The American was the most overlooked and underappreciated film of the year. As a professional killer and weapons builder hiding out in an Italian village, George Clooney dropped weight and any sense of Hollywood stardom to transform into a man too overcome with demons to have a real connection with any other person. Director Anton Corbijn creates a stark realism in the world of the film that feels almost desolate and hopeless, but still manages to give the audience a small sense of optimism at the end of the movie.
5. Winter’s Bone (Roadside Attractions, R)
Set in the dreary, depressing Ozark Mountains of Missouri, Winter’s Bone follows a young girl who has endured a lifetime of struggles but must go on an Odyssey-like mission in order to keep her family together. Debra Granik’s film is absolutely heartbreaking, and newcomer Jennifer Lawrence’s performance as Ree Dolly is mesmerizing.
6. Let Me In (Overture Films, R)
Considering how loved and respected the original film adaptation is, director Matt Reeves had guts to make another adaptation of John Ajvide Lindqvist’s Swedish vampire story Let the Right One In. Reeves made the story his own, though, by cranking up the horror elements and giving a vintage, almost nostalgic, feel to the movie. Chloe Grace Moretz, who is astounding as the young, conflicted vampire, elevates the film from good to wonderful.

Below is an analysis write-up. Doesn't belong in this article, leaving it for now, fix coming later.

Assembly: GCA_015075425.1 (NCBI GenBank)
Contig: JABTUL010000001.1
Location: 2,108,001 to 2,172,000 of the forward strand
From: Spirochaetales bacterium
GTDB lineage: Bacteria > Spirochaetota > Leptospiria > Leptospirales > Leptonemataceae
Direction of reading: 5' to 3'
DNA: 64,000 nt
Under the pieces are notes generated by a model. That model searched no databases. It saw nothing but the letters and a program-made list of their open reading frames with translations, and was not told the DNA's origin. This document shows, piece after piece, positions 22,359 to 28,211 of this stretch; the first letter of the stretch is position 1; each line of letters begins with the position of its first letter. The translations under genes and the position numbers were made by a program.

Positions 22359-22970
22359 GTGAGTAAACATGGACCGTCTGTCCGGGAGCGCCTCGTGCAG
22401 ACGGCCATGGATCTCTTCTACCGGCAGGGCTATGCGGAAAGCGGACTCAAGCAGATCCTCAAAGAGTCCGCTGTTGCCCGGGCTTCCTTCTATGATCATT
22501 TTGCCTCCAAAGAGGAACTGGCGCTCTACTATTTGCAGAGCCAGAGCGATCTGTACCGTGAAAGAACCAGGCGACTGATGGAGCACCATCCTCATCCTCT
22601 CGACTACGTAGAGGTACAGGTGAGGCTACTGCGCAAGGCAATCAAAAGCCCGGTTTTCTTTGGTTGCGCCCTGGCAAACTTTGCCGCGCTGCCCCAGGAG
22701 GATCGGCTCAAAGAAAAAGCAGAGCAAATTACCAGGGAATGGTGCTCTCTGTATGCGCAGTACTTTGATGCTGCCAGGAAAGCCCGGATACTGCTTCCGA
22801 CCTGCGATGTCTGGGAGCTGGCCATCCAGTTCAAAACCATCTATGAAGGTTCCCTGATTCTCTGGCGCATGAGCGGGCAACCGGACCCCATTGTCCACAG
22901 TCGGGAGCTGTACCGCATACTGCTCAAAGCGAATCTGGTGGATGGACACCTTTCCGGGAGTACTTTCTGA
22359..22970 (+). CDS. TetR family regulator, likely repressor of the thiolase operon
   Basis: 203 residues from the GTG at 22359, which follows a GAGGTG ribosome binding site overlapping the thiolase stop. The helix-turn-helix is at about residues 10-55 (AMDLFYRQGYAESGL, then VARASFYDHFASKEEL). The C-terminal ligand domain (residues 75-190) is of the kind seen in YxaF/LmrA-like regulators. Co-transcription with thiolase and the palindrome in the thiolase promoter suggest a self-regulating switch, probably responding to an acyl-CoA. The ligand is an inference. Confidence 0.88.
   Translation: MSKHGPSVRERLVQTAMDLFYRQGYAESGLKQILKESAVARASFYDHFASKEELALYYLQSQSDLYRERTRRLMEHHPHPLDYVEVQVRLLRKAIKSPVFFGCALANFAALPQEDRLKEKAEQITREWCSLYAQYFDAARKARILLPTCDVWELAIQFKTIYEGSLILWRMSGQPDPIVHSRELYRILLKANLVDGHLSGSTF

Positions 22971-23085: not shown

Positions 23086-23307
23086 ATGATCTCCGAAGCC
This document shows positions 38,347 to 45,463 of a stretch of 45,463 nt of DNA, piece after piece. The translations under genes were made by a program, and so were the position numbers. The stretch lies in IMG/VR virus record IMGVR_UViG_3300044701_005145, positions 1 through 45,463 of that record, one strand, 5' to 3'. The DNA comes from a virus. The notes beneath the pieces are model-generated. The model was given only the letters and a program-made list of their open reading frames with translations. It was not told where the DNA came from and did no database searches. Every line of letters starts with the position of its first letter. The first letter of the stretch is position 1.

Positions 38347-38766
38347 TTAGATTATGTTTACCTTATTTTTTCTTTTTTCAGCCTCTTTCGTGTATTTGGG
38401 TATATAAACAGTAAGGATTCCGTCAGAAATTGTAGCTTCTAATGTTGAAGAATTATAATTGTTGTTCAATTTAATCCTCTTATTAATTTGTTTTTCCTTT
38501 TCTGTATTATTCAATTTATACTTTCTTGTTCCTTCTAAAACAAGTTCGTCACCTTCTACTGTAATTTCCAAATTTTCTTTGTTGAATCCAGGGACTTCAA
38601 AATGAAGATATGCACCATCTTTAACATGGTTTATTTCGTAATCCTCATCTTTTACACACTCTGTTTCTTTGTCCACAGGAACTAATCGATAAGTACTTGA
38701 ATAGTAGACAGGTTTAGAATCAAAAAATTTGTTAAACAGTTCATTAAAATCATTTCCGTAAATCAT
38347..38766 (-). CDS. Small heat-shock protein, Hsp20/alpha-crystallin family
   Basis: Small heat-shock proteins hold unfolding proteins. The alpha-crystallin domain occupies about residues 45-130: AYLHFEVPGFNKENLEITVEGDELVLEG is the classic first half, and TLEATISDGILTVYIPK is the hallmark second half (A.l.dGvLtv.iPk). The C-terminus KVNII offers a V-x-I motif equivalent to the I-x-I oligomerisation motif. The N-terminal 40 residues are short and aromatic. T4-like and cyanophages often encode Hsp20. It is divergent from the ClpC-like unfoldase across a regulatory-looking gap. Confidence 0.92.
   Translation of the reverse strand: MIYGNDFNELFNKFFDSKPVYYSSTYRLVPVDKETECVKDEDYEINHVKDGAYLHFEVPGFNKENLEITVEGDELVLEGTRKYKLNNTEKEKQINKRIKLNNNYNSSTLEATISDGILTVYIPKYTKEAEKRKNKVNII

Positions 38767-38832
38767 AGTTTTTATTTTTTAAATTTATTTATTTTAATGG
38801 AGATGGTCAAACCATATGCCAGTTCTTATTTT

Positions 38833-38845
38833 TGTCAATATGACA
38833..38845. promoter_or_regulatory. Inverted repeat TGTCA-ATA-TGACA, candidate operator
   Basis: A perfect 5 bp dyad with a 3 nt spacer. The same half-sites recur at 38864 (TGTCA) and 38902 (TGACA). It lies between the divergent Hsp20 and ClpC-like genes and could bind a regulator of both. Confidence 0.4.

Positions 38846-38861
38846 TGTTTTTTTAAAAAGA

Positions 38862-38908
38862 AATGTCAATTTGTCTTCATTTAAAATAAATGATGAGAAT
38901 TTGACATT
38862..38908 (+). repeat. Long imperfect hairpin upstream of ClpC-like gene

7. 127 Hours (Fox Searchlight Pictures, R)
Everything has pretty much been said about Danny Boyle’s film which tells the true life story of hiker Aron Ralston who had to make a decision that few of us could ever make. Boyle attacks the material with so much fervor that every moment of the film is pumped full of energy. James Franco as Ralston is brilliant. He gives one of the best performances of the year, and proves yet again how chameleon-like he is as an actor.
8. The Town (Warner Bros. Pictures, R)
Ben Affleck co-wrote the screenplay adaptation of the novel Prince of Thieves, directed the film and gives arguably his best performance ever. The Town is a classic heist movie in the best sense and Affleck proves that not only was Gone Baby Gone not a fluke but that his talent as a filmmaker is real and spectacular.
9. The Secret in Their Eyes (Sony Pictures Classics, R)
The Secret in Their Eyes is about one man, a retired attorney, who is still haunted by the events surrounding a case four decades old. The brilliance of the film is director Juan Jose Campanella’s ability to bounce back and forth effortlessly between the present and the past, which both build to one of the most disturbing and thought-provoking climaxes in recent memory.
10. Catfish (Universal Pictures, PG-13)
Whether or not this alleged documentary is real doesn’t matter. What matters is that the three amateur filmmakers behind it have captured a truly magical revelation of what it means to live in a world where social networks are more heavily relied upon as reality than what is outside our front doors. Released almost simultaneously with The Social Network, Catfish forcefully holds a mirror up to us and shows us that these are the “lives” that we are living.
| Matthew F. Newlin